NEWSLETTER – 4 November 2019
DON GORGE CALENDAR 2020
There is just one Calendar left if anyone is interested.
STEPS & FOOTPATH TO VILLAGE FROM NURSERY LANE
If you have ever used this footpath, we are still looking for witnesses; all you need to do is write a statement saying how long you have known it was there and that you have used it. This statement should include your name, address and signature. It should then be sent to me. Thanks.
CO-OP COMMUNITY FUND
Don’t forget to support us if you are a member of the Co-op by choosing us as your charity for the coming year.
SPROTBROUGH ORAL HISTORY GROUP (SOH)
We had another great meeting on 25 October, even if it did get a little out of control towards the end! Notes will be going on the SOH Blog shortly.
FREE TREES FROM THE WILDLIFE TRUST
We have now heard that we will receive 105 free trees and shrubs next March and will be looking for help to plant them. They will enhance the landscaping of the fish pass area and the field alongside.
As mentioned above, we now have a new Facebook page for all those who are into social media so updates will be given on there as they arrive. We hope this will enable information about what we do to be spread more widely and will encourage more local people to become interested in what we try to do. Just search for Don Gorge Community Group.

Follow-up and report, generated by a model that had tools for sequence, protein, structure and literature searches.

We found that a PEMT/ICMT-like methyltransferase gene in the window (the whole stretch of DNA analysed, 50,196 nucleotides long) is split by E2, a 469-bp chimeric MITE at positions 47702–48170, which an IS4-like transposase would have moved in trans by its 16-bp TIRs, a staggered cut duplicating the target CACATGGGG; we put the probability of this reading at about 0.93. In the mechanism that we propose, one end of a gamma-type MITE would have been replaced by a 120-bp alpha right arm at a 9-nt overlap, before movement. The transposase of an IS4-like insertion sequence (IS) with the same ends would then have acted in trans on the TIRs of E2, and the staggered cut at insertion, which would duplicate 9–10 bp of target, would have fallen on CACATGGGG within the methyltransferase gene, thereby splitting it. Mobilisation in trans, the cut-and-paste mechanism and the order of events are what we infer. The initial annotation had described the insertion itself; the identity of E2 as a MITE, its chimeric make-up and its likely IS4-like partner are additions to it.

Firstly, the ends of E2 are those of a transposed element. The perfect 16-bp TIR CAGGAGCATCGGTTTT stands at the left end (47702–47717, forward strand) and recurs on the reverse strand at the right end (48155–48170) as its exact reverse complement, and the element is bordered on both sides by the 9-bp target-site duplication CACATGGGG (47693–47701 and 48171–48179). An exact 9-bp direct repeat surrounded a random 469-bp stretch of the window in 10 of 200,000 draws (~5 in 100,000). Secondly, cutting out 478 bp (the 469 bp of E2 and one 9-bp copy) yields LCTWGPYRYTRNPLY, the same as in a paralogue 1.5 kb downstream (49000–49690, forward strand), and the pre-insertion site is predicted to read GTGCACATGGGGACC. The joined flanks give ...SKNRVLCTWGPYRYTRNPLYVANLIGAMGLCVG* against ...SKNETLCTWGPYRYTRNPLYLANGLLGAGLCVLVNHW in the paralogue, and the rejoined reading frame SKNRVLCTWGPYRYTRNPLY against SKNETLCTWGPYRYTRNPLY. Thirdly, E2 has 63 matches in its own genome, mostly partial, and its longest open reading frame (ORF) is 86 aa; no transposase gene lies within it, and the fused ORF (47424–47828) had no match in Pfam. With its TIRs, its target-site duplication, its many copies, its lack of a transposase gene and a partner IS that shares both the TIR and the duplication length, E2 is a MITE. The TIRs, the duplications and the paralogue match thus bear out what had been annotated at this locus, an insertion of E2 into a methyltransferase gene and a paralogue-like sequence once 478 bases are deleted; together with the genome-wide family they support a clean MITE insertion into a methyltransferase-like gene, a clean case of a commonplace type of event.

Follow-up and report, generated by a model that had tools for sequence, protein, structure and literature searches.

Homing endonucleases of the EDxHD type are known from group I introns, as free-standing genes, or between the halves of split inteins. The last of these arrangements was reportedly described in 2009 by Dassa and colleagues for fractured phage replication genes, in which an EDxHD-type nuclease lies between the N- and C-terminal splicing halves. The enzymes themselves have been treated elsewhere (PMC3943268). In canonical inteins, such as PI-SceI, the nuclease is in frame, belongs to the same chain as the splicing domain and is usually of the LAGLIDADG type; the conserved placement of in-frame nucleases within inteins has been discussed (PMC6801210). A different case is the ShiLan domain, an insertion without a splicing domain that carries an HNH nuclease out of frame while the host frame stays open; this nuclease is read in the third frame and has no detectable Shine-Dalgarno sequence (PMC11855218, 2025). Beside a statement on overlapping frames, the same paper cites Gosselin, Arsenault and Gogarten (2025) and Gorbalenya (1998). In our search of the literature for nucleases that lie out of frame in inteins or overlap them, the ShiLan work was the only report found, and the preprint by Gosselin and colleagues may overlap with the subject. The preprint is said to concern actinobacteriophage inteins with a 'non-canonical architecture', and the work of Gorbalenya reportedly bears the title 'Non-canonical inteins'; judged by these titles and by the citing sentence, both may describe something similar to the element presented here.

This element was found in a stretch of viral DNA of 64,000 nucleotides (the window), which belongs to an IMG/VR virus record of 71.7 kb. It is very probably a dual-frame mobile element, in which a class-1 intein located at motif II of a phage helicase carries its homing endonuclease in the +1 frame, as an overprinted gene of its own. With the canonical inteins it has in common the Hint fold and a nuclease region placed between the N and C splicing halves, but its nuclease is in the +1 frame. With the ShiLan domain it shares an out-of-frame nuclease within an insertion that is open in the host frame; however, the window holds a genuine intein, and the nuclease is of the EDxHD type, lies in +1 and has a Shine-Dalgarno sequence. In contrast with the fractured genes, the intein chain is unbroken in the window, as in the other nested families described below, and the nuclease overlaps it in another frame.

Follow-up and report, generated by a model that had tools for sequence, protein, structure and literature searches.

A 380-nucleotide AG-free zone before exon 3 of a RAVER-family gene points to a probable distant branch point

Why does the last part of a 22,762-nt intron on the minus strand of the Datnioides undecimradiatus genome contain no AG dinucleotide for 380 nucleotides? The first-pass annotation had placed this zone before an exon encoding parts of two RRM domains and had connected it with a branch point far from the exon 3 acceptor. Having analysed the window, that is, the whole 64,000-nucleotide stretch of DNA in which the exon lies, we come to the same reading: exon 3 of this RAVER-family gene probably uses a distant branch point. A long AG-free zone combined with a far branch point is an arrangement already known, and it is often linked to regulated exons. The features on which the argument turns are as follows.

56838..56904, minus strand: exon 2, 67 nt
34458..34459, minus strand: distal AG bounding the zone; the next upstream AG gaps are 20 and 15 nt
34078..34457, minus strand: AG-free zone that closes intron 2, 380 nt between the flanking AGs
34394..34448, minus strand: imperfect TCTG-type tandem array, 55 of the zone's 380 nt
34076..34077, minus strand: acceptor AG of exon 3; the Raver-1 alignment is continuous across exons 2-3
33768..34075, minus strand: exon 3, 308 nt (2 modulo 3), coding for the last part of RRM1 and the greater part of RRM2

For those who don’t do social media, newsletters will still appear as usual, when they will also be sent to Twitter and Facebook.
I recently had an enquiry from a gentleman who wished to donate 2000 English Bluebells to be planted in the woods around the hairpin bend. However, on asking Natural England if they would approve of this, as it is a Site of Special Scientific Interest (SSSI), they said it should not be done. Wild garlic grows in profusion in the woodlands on that side of the river, whereas bluebells are more prolific on the north side. It is Natural England’s policy that only flora which germinate naturally from seed should be encouraged. As it would not be known where plants would be sourced from, there was also the possibility that they might bring diseases in the soil.